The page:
This article gives you an overview of cataloging AWS RDS SQL Server database objects like tables and views, using AWS Glue service.
An enterprise IT landscape often consists of a large number of databases and even more database objects. Data is often exchanged between multiple sources and target databases. The standard practice is to maintain a central inventory of data repositories and database objects. This repository is also called the metadata catalog, which holds just the schema definition of database objects. ETL tools can refer to this centralized catalog while pointing to the source and target database objects. AWS RDS for SQL Server is one of the databases supported by AWS RDS service and enterprises host large production workloads on Amazon RDS SQL Server database instances. And with it comes the need to catalog the database. AWS offers AWS Glue service that supports crawling data repositories to create a metadata catalog. In this article, we will learn how to catalog Amazon RDS SQL Server database objects using AWS Glue.
AWS RDS SQL Server Instance
It’s assumed that an operational instance of Amazon RDS SQL Server is already in place. If you are new to Amazon RDS for SQL Server, you can read this article, Getting started with AWS RDS SQL Server, to create a new instance. Once your instance is ready, it would look as shown below. For this exercise, any SQL Server instance using any edition of SQL Server will work. It is assumed that you have the required privileges to administer the AWS RDS SQL Server database instance.
Crawling AWS RDS SQL Server with AWS Glue
Next, you would need an active connection to the SQL Server instance. You can refer to my last article, How to connect AWS RDS SQL Server with AWS Glue, that explains how to configure Amazon RDS SQL Server to create a connection with AWS Glue. This step is a pre-requisite to proceed with the rest of the exercise. You can navigate to connections under the data catalog section in the left pane and create a new connection to the SQL Server instance. Once the connection is in place, click on the Crawlers in the left pane and you would see an interface as shown below.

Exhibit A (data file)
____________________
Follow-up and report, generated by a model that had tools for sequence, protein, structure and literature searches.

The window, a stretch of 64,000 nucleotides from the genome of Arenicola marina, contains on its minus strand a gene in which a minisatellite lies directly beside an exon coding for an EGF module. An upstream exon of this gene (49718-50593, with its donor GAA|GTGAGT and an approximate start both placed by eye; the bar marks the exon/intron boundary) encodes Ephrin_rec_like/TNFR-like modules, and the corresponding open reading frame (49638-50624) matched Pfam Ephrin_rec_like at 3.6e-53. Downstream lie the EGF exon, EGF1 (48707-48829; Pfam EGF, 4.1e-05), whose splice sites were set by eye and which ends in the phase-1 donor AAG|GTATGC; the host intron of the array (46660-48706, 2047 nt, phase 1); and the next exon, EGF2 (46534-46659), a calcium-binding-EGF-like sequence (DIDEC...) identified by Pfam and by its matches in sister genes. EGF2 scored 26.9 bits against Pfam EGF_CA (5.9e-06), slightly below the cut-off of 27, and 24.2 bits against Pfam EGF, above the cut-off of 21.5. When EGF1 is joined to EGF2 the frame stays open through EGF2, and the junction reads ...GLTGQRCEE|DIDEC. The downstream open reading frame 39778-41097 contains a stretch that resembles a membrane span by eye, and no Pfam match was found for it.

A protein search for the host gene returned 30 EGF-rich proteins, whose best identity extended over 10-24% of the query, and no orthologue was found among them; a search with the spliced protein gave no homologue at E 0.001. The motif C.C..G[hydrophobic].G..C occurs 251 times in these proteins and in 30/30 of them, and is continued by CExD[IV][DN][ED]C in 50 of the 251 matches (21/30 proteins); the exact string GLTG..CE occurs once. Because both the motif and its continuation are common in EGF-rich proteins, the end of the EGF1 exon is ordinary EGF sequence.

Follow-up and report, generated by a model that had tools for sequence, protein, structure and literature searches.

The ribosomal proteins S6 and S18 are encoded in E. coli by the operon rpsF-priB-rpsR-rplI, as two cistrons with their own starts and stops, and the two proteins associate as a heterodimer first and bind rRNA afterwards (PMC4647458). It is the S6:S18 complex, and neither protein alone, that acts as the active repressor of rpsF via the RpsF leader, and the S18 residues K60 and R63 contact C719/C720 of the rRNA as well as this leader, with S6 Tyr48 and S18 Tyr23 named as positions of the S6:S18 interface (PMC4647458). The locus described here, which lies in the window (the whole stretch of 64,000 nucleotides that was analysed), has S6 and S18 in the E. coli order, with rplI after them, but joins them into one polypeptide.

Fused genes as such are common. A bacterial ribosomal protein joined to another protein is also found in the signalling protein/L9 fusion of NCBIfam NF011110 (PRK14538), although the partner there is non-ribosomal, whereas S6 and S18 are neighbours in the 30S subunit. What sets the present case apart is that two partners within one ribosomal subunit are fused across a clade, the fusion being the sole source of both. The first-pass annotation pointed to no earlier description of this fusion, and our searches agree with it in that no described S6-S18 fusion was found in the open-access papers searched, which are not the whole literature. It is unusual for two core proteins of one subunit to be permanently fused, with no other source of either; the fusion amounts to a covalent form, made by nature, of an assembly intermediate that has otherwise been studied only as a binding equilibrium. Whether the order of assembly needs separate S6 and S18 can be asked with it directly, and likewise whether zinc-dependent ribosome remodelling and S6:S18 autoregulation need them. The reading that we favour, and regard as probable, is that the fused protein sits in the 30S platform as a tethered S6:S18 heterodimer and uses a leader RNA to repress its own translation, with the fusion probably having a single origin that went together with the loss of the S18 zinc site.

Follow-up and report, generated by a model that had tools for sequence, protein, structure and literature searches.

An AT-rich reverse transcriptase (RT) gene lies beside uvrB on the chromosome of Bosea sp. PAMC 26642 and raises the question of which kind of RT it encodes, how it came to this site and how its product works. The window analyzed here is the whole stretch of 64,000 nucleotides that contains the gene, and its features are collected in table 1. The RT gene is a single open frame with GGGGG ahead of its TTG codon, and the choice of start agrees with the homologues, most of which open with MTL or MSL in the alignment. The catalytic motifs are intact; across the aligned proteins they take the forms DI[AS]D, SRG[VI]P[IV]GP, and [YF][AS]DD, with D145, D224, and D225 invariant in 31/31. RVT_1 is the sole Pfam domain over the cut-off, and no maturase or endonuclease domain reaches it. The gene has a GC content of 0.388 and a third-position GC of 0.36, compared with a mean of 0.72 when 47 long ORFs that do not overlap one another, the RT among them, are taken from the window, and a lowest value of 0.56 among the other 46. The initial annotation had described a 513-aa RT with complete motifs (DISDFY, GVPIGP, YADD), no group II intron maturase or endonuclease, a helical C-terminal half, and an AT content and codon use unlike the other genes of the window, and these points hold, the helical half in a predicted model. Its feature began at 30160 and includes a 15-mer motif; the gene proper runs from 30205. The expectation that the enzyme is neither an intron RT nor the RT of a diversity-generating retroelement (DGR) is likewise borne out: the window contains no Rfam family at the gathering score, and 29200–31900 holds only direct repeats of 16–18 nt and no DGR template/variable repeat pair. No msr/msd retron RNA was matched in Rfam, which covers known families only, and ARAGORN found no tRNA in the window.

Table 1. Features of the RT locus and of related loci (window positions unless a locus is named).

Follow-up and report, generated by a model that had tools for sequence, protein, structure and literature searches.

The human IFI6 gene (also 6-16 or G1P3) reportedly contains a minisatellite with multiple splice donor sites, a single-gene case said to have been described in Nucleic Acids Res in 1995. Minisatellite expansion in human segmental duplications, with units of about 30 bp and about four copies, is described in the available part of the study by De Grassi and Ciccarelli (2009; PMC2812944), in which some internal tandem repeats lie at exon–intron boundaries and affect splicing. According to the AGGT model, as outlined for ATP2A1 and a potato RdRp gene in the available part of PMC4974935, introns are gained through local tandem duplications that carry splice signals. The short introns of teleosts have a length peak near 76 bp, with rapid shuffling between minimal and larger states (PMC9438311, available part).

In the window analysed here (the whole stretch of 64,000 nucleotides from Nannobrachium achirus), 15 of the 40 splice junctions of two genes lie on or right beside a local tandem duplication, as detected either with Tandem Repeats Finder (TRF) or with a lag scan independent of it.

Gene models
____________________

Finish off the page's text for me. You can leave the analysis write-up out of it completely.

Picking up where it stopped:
Click on the Add crawler button to start creating a new crawler. The first step of defining a crawler is shown below. Provide a relevant name for the crawler. You can add tags to the crawler add more information about the crawler like purpose, owner, environment etc. Security configuration allows us to configure encryption. In our case it’s not required, so we can use the default values for the rest of the details. Once the values are filled up, click Next.
In this step, we need to specify the source data repository for the crawlers. We can select either data repositories or already cataloged objects. In our case, as we are going to point the crawler to AWS RDS SQL Server instance, we will choose the Data stores option. After selecting this option, click Next.
AWS Glue supports three types of data stores or repositories based on the mode of access. Data files hosted on S3 files, databases that support JDBC connectivity, and AWS DynamoDB database are the three types of data repositories that are supported. We would be using JDBC connectivity to connect to the AWS RDS SQL Server database instance, so select the JDBC option.
As mentioned earlier, we need to have a connection to our AWS RDS SQL Server instance to select from the connection list. If you do not have any instance available, click on Add connection and create a new connection to the SQL Server instance. The “Include path” section expects the path to database objects. It supports wild-card patterns as well as exact object paths. The format that is generally followed is mydatabase/myschema/myobjects. It’s interesting to understand the effect of providing an incorrect path. So, for now, let’s just mention the master database, and our connection also points to the master database. Alternatively, if you intend to catalog many objects, and ignore only a few objects like system objects, then you can use exclude patterns and just mention objects that should not be crawled and cataloged. After updating the details, click Next.
In this step, if we intend to add data from multiple stores using the same crawler, you can select Yes to add another data store details. Else we can select the default value No. In this case, we do not want to add any other store, so we will use the default value and click Next.